A bond hearing is a where both the prosecution and the defense are present to argue whether someone should be released on bond, and how much it should be. The prosecution may request that the defendant not be released for a number of reasons, while the defense attorney will argue why the defendant should be released.

A few factors that go into a judge’s decision on bond include the risk to the community by releasing the defendant, and whether the defendant is a flight risk (due to being wealthy or having a history of not showing up for previous hearings). If someone’s very dangerous, they may not get released prior to trial or their bond will be set at a very high level to make paying it impracticable.

What Happens After Indictment?

After you’re indicted, then you’ll go to trial. Getting to trial, however, isn’t as cut and dry as it’s portrayed on television. There will be numerous pre-trial hearings, and depending on how busy the courts are in your state, it can be months or even years before you’ll ever make it before a jury.

If the prosecutor is amenable to working with you, your defense attorney may be able to work out a plea deal for you. A plea deal means that you plead guilty or no contest to the charges and serve a lesser punishment than you would’ve had if your case went to trial and you were convicted. Your attorney must bring every plea deal offered by the prosecution to you in order to make a decision on whether to accept.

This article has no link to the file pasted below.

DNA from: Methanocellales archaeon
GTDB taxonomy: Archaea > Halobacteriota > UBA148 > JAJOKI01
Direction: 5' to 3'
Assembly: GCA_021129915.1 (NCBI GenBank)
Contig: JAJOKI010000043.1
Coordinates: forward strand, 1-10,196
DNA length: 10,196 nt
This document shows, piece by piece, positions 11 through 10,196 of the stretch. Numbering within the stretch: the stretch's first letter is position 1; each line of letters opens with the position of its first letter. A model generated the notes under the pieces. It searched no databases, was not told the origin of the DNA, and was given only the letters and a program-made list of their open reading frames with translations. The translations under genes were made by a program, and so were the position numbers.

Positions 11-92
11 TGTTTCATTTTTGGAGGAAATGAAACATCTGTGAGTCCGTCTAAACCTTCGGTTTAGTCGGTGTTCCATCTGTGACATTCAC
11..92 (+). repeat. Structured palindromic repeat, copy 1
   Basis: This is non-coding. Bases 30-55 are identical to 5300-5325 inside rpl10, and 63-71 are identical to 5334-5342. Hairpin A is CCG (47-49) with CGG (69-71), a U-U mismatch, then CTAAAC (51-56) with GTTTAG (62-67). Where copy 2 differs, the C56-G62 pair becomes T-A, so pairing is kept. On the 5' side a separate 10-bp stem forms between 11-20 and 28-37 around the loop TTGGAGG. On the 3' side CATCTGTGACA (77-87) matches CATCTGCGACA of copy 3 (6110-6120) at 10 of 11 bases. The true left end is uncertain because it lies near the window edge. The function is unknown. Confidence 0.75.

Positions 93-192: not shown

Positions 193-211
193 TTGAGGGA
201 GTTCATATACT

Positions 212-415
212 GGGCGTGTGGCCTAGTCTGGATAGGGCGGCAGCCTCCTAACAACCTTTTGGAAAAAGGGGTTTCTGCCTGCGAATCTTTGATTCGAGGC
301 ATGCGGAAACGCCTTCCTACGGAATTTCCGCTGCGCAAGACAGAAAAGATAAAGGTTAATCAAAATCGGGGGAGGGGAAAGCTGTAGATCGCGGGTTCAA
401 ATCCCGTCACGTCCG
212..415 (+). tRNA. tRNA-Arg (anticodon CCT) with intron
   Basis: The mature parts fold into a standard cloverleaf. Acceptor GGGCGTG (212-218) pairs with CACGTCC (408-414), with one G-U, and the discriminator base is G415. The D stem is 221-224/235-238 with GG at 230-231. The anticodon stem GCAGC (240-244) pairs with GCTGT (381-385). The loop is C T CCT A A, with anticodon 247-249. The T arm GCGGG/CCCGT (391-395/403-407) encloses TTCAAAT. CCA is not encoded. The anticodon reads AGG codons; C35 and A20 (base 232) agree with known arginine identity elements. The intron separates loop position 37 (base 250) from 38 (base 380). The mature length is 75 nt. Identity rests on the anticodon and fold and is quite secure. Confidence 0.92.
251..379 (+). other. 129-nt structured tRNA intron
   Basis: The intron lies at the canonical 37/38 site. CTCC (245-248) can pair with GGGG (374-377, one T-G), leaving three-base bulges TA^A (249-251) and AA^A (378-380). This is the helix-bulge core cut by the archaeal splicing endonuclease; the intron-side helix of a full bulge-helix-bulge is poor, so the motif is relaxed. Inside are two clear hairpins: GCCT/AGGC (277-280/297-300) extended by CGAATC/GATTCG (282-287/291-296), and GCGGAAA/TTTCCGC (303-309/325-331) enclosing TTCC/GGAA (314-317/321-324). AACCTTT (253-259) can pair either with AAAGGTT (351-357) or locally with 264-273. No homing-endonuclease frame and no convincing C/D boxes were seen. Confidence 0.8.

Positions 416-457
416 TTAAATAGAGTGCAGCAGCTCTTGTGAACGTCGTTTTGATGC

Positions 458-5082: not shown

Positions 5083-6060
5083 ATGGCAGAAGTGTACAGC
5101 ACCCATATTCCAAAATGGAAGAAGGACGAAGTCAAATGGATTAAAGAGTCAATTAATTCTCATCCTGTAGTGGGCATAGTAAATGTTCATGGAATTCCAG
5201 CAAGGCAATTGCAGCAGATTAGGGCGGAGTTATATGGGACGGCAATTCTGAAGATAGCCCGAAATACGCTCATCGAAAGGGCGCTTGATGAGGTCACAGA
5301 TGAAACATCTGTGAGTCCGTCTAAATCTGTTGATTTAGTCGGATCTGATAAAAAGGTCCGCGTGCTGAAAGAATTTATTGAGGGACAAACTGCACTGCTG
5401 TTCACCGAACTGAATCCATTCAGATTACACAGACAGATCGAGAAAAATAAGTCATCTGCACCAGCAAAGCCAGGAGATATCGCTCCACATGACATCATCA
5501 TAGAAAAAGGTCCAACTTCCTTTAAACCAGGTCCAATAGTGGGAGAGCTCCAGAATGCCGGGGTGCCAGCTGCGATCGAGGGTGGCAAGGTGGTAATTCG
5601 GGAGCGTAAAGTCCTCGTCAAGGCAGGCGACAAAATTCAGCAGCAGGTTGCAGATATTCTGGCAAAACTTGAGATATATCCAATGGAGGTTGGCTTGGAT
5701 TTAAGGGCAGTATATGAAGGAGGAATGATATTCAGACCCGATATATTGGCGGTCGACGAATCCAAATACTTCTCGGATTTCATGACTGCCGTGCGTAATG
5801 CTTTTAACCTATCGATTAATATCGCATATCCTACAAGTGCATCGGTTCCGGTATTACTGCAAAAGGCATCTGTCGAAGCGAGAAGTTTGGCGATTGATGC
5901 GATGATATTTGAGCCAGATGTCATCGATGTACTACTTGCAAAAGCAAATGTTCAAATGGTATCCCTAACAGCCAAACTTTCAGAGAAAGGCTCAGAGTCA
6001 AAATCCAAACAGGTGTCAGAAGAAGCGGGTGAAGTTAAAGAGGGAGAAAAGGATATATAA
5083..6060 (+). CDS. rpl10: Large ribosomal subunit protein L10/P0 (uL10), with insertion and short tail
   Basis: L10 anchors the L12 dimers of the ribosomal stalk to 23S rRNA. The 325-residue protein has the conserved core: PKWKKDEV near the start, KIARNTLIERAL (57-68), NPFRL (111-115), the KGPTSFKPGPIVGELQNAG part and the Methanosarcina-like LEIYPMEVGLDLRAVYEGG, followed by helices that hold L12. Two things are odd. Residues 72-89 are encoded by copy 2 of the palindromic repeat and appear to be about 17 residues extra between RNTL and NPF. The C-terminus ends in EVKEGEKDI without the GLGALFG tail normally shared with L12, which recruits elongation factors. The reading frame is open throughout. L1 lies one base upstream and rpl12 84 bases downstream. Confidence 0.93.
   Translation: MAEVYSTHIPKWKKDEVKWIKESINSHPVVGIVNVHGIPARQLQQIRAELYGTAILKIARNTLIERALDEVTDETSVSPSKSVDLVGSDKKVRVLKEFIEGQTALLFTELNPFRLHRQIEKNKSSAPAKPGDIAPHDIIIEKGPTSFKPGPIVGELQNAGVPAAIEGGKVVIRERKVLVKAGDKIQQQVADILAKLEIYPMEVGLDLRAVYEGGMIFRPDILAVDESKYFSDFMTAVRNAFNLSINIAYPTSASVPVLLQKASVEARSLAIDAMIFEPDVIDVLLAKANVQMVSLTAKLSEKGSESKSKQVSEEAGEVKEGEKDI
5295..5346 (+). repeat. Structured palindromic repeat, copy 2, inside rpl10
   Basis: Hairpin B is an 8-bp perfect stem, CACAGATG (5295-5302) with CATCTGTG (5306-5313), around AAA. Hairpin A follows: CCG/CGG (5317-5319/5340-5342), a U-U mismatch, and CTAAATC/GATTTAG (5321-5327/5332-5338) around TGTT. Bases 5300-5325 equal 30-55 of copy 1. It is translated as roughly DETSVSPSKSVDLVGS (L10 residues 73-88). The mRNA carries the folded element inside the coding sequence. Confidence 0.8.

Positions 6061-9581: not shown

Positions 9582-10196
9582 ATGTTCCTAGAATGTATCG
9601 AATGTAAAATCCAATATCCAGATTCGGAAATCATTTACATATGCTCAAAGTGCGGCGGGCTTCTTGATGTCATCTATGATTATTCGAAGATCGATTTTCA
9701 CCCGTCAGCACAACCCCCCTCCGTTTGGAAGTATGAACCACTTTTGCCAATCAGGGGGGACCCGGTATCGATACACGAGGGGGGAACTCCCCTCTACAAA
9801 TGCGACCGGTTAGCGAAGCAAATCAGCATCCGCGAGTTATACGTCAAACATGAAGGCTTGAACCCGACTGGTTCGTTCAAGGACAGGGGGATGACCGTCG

Lastly, if you’re convicted of a crime, you have the right to appeal the conviction.

Stay Up-To-Date on the Latest in Criminal Law

What is an indictment? It’s probably the last thing you ever expect to happen to you. But it also means you’re on the hook for a crime you may or may not have committed.